Good morning! How did you sleep? My son is always very concerned with how everyone’s sleep was. This morning I will tell him it was fine. But the truth is, I did not have a restful night at all. I went to bed later than usual after having to do laundry – which I love – after my cat peed in the kids’ laundry basket. I am not sure why. Maybe their clothes smelled like the dogs from the kids’ other home. Maybe he was angry because I have spent my weekend paying attention to them and not as much to him. Either way, it ended in a late night laundry session.
And then I crawled into bed and was just about to drift off when…BAM, roll, stomp, stomp, stomp, BANG, quick stomp, stomp, stomp… My neighbours above me have a young child who, I believe, is nocturnal. Every night the olympics are held in my upstairs neighbour’s apartment. Last night, though, the olympics were shut down by the sweetest sound…angry mama voice.
All this has me thinking about the things that are keeping us from finding rest. There are so many things we are worrying about and thinking about and wondering about. And while it is, I think, natural to worry and think and wonder all the time, this is particularly true right now during a global pandemic. We worry about whether we are giving our kids enough of our time during distance learning while still trying to work from home. We think about the things we need to do on the weekend, but are not sure we are able to navigate the click-and-collect world we now live in. We wonder what kind of world we are going to be entering once this crisis ends. There are many things.
At the same time we are told that adequate sleep and getting enough rest is important to both our physical and mental health. I am finding it difficult to get enough rest and to have a restful night of sleep. I know the importance of good sleep for me. I know that there are aspects of my mental illness that are triggered by not getting enough sleep and I have worked really hard to make sure I am managing my health so I don’t want to lose that.
Here are some things I have found to be helpful:
Many of us, myself included, are working from home. While there are certain aspects of working from home that are appealing (like no commute), there are some drawbacks. One of those drawbacks is that it is much harder to disconnect from work to find restful, recreational or restorative time. We are on all the time. We can not close our office door, jump in the car and make the trip away from work and toward home. In my job I have always needed to be available to a certain extent when I am at home. But now my office is my dining room and I am always here. It may be helpful to implement some sort of ritual that signals to our brain and body that we are not longer “at work” and that it is okay to rest. For me, that ritual is the closing of my planner. I write down all the things I need or want to get accomplished each day, including meetings, forms that need to be filled out, people I want to check in with. At the end of my workday – which I have to admit has started earlier and goes later than my workday did when I worked in my school – I look at what I have accomplished that day and I close my planner. It signals to my brain that I can relax a little. Now, it doesn’t mean that work ends. People still call or email but I get to choose whether or not I respond.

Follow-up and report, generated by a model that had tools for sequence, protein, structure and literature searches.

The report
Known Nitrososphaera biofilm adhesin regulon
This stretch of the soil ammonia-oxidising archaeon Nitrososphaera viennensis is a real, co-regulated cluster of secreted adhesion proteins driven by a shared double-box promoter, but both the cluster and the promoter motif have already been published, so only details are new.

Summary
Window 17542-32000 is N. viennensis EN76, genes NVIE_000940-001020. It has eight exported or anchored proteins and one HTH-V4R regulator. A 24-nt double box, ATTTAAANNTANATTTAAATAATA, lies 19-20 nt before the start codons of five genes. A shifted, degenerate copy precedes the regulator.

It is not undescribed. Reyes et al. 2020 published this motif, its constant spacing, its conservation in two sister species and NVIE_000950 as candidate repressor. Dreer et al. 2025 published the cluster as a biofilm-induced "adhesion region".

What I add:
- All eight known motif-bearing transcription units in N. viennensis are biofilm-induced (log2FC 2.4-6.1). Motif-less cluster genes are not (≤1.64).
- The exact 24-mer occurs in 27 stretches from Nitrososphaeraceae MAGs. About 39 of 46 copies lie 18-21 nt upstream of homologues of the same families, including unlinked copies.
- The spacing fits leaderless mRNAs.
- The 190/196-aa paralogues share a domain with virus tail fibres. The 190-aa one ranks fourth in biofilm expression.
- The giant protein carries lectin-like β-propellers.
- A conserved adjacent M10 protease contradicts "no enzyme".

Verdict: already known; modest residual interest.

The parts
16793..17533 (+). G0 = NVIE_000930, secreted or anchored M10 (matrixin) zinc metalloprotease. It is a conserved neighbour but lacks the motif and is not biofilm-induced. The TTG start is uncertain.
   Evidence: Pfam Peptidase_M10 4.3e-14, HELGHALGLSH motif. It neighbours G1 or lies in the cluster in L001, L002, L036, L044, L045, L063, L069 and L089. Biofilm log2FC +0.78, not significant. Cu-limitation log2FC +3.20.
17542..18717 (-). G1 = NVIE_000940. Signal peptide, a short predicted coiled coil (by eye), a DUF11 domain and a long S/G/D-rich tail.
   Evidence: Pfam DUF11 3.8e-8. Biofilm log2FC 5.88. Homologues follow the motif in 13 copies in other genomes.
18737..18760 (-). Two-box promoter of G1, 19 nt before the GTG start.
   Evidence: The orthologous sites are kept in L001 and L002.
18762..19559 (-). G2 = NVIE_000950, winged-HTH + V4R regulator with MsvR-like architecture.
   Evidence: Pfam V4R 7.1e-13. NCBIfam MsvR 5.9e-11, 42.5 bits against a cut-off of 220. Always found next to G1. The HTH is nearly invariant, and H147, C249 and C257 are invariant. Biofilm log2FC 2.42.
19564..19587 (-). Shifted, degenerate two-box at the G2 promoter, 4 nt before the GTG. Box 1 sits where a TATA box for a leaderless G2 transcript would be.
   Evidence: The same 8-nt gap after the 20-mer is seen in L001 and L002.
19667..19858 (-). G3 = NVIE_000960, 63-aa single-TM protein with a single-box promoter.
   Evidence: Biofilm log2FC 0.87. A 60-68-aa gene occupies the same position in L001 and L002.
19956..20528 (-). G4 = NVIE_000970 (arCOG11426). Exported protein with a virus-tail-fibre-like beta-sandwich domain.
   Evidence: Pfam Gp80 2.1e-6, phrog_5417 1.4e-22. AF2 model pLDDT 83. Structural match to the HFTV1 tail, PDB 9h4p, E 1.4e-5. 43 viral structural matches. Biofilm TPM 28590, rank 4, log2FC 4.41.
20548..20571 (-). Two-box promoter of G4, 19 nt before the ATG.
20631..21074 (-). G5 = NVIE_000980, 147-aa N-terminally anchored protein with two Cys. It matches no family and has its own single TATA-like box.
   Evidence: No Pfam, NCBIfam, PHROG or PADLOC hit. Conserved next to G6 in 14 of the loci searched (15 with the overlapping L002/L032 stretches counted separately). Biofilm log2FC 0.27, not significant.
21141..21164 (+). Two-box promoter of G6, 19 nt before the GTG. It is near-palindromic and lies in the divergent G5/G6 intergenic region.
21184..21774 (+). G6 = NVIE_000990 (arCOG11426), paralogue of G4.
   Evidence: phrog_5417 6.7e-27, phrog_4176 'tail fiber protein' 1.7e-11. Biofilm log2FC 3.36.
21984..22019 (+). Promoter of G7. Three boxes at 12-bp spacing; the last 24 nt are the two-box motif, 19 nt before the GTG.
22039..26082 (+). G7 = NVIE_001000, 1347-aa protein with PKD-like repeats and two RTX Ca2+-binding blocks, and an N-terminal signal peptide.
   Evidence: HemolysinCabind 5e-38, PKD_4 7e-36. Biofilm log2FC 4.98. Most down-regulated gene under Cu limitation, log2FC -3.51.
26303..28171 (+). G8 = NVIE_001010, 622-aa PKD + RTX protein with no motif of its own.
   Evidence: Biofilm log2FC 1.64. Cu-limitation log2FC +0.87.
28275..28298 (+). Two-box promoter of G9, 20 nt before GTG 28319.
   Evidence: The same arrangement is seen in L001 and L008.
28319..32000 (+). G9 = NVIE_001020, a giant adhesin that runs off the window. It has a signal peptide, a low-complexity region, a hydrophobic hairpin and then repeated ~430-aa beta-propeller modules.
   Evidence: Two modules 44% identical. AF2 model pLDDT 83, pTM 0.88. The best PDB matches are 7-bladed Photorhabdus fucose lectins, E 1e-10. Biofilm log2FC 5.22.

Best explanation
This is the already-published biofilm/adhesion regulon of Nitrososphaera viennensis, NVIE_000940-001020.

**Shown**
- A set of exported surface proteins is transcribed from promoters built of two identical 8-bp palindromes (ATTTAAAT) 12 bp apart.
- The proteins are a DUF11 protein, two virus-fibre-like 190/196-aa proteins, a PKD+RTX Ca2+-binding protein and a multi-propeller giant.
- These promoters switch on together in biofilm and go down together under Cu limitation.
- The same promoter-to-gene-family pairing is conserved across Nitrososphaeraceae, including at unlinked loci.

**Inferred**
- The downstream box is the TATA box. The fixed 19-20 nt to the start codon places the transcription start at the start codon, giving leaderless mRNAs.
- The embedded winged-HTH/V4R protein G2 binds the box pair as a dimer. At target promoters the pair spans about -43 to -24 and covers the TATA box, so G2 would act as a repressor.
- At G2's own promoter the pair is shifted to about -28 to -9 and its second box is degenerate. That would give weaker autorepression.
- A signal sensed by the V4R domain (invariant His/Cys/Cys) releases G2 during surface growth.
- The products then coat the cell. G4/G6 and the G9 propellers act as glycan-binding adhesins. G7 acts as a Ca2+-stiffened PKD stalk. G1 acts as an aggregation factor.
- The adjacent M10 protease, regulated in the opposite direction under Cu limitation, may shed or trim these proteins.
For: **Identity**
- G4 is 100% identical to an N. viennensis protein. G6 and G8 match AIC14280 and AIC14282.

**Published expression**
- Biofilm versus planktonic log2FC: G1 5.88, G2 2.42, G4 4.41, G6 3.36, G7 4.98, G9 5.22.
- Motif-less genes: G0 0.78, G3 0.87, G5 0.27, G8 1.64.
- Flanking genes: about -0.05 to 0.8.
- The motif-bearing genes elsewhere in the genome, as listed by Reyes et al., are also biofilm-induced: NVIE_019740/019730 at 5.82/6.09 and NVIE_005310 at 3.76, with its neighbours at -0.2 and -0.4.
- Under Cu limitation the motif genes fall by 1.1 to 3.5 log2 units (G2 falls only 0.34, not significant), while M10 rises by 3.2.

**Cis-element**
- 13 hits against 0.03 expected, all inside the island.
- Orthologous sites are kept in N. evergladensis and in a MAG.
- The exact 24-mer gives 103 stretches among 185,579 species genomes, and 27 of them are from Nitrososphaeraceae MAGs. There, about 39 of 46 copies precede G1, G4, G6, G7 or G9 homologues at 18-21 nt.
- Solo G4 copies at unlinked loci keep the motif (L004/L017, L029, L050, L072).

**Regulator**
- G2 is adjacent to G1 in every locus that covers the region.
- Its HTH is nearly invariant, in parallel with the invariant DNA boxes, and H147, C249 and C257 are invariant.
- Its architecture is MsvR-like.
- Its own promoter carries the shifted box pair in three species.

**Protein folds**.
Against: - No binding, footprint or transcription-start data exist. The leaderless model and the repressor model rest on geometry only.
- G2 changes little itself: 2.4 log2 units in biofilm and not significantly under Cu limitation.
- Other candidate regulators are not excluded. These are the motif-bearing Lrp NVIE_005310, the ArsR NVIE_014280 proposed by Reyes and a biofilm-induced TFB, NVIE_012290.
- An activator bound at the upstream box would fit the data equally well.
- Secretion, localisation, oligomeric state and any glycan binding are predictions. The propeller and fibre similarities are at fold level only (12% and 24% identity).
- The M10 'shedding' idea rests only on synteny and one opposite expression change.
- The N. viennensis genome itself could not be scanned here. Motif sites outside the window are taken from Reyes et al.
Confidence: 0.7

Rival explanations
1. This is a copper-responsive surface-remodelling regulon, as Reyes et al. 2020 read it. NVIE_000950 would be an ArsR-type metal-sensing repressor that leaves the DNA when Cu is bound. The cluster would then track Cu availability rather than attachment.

Taking a nap is okay. Naps are not just for children. Sometimes we need that 30 minutes or an hour to reset.
Good bedtime routines are key. I was prescribed medication to help me sleep after a particularly disturbing episode I had a while back. It was triggered by not sleeping. I don’t like to take it because it makes me feel groggy and weak when I do. So, I consulted people and found a sleep routine that works for me most of the time. Most nights (not last night, I admit) I turn off my TV an hour before I want to go to sleep. I take a hot bath, which relaxes the body. Also, sitting or lying in warm water triggers feelings of safety in the brain. I drink a hot cup of tea while listening to calm music. I diffuse some oils – I find Frankincense and Lavender are a good combination these days.
We all need sleep. Sleep heals. Sleep helps us make sense of what happens when we are awake. We need time to rest, to renew, to restore. When we deny ourselves rest we are denying ourselves the opportunity to be at our best during our waking hours. And during this time of added stress and worry and change, we need rest more than ever.
If you are struggling to get adequate sleep or you spend your resting hours worrying about what is happening in the world, consider talking to someone about it. There is strength in asking for help. Not sure who to call? Let me know and I can help connect you to a therapist or counsellor. Contact your EAP provider. Or call your doctor. Don’t suffer another day. You are not alone.
I hope you had a good sleep last night. I hope this Sunday is a true day of rest for you. We all need leisure time, even in a pandemic. So get out and enjoy this day.
Stay healthy, my friends. Stay home. Reach out. Be well.
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